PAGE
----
For the longest time I thought the 13.1 and 26.2 oval stickers on the backs of cars were Bible verses. Then one day I was plunking down 90 bucks in a running store for my daughterâs track shoes, and the stickers were on the counter. Of course I had to ask. The zero-body fat salesperson explained that they meant a half marathon and a full marathon. Running may not be my first language, but English is.
At least I never wondered out loud why everyone was suddenly so religious, but I do have to wonder this out loud: why should I, or any of the other people with whom we may be stuck in traffic, care that you run half or whole marathons? And donât say that you donât care if we know, because if you didnât, you wouldnât have that sticker on the back of your car, where you, yourself, can almost never see it, but the rest of us always can. If you didnât want to impress us with your athletic prowess, then your own personal badges of achievement, like your nasty black-and-blue toenails, or no toenails at all, would remain hidden on your gas pedal, out of sight unless we asked, which we didnât, hence the stickers.
Bumper stickers of old were interactive. In the 1970s and â80s every political campaigner gave them out, so maybe if you were on a road trip or in a traffic jam, you could get riled up with your passengers and get a debate going to pass the time. There were a lot of âHonk If … â stickers too, like if you loved Jesus, or disco, or Fonzi. You could also honk if disco sucked, or if you were against nukes, or Jane Fonda.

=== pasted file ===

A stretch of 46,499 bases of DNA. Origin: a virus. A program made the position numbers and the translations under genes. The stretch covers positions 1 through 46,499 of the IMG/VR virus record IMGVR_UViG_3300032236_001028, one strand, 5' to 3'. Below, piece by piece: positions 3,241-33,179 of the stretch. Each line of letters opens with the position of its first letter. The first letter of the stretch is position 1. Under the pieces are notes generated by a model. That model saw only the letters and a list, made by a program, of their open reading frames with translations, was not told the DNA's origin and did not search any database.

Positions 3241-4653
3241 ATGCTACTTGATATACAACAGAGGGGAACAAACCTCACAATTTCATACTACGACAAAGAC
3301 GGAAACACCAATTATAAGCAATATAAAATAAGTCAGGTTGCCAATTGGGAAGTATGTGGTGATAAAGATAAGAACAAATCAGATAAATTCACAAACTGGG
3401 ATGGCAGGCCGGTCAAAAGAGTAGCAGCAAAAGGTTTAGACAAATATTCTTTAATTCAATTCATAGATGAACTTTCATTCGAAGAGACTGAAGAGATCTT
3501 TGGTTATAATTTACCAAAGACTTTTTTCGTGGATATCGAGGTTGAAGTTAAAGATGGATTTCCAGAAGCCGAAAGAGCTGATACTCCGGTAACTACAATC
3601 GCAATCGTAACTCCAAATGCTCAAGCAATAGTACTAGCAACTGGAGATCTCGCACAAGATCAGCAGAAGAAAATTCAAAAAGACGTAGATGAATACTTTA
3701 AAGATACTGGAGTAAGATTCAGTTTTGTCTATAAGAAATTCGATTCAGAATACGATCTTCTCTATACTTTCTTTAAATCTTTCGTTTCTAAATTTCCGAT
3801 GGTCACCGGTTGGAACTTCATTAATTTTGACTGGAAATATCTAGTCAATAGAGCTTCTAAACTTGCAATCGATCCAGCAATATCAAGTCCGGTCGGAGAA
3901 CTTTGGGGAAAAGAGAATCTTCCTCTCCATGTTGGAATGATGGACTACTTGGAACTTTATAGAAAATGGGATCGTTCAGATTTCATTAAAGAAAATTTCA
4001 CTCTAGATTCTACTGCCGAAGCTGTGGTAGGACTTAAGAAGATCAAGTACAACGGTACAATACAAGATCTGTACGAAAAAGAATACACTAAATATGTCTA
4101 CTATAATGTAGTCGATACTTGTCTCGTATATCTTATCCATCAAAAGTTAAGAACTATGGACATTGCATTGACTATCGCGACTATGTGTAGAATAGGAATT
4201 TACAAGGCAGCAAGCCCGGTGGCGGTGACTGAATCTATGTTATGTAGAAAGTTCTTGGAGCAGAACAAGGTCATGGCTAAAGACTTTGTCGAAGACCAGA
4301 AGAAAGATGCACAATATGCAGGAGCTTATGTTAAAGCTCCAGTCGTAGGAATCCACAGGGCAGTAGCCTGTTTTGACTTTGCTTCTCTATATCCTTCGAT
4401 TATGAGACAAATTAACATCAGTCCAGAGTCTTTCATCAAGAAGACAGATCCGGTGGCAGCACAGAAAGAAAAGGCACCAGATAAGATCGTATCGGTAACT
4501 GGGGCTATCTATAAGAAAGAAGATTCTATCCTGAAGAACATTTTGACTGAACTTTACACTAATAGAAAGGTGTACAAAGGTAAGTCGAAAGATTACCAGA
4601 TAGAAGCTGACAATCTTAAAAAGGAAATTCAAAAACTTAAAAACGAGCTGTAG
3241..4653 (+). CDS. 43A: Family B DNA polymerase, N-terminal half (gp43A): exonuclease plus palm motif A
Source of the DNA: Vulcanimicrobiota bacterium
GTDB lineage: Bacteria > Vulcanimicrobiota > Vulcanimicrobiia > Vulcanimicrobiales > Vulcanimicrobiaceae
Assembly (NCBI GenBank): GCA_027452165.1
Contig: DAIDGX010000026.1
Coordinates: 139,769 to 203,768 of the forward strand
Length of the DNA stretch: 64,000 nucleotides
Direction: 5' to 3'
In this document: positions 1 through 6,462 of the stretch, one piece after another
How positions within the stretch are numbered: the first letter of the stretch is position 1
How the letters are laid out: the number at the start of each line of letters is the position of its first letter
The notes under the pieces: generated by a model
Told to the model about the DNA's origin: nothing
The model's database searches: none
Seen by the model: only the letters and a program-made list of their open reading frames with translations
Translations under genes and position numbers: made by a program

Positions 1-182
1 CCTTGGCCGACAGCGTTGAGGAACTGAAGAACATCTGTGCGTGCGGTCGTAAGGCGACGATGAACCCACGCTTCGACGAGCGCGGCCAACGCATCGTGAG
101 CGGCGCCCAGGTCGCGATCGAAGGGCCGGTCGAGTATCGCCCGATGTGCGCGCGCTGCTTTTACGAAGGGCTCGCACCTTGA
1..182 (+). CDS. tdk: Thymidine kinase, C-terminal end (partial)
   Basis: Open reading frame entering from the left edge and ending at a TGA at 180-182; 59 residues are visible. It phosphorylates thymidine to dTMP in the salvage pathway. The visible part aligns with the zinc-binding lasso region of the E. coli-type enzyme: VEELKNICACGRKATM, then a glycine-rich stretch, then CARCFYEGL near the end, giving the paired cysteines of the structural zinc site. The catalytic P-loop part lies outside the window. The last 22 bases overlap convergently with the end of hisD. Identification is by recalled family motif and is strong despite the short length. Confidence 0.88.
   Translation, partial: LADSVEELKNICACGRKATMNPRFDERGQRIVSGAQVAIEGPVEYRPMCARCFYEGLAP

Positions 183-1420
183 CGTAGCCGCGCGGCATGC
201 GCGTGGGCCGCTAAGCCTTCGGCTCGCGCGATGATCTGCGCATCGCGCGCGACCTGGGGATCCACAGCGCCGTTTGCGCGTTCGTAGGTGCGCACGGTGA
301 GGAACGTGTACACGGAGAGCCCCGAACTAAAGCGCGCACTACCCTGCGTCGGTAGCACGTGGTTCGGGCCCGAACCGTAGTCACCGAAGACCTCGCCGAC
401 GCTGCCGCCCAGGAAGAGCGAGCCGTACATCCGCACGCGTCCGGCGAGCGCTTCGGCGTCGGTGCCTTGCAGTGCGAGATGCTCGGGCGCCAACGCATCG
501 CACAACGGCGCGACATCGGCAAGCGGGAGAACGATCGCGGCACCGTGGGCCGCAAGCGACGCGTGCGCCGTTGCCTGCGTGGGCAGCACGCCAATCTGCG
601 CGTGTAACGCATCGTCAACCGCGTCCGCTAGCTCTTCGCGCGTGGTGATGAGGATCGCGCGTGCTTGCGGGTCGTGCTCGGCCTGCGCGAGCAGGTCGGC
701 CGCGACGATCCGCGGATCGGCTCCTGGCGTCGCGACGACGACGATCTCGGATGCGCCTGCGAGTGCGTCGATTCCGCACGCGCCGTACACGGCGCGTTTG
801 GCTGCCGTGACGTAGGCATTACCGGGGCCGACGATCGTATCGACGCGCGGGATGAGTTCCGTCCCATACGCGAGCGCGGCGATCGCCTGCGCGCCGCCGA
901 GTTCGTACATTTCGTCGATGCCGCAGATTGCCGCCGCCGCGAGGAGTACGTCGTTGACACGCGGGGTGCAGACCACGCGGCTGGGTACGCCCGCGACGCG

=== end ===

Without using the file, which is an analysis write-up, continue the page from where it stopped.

Long before Twitter, bumper stickers were sarcastic and snarky in 140 characters or less. They even contained profanities, which was audacious at the time because curse words werenât all over the placeÂ like they are now. One of my favorites is still, âJesus loves you. Everyone else thinks youâre an asshole.â A day hardly passes that I donât think of that. Itâs a modern proverb really, especially when a person knows Iâm waiting for his/her parking space, sees me sitting there with my blinker on, but proceeds to seize the moment to catch up on texting while I wait. I thought we were best friends because you wanted me to know that you run, that youâve been to the Outer Banks at least once, that your kids do gymnastics and play soccer, that youâre a Philles fan who went to Penn State, thereâs even a Jesus fish in the mix, and yet, you leave me out here blocking traffic. Even Jesus would be done with you.
This yearâs Broad Street Run sold out like a U2 concert. Excellent that everyone is so into runningâeven people who smoke. My runner daughter works with a smoker who also runs. This young lady says that she runs and smokes to be social. I presume she doesnât do both at the same time, but who knows? She has a âRunner Girlâ sticker on her car too. Sheâs wants us to know sheâs in the tribe. When my best friend, Kim, and I were on a very brief yoga kick, she said the only thing that would make yoga better was smoking. She still does tree pose on my deck with a cigarette hanging out of her mouth, and then she bows and gives me a heartfelt âNamasteâ from behind a cloud of smoke.
During our yogic summer, Kim and I didnât slap âYoga Girlâ ovals on our cars, or âSmoker Girl,â or âExtra Dirty, Extra Olive, Vodka Martini Girlâ for that matter. Most of us generally donât air our dirty little vices to strangers, and itâs show-offy and boring to use your car as a mobile all-about-me billboard. If you donât have anything interesting to say, donât bother me while Iâm driving. Iâd rather know something dicey about you. Iâm sure your kid has gotten in trouble in school, but I donât see a demerit magnet next to the basketballs and dance shoes on your trunk. Now that would make me laugh and honk, while I happily let you merge into my lane.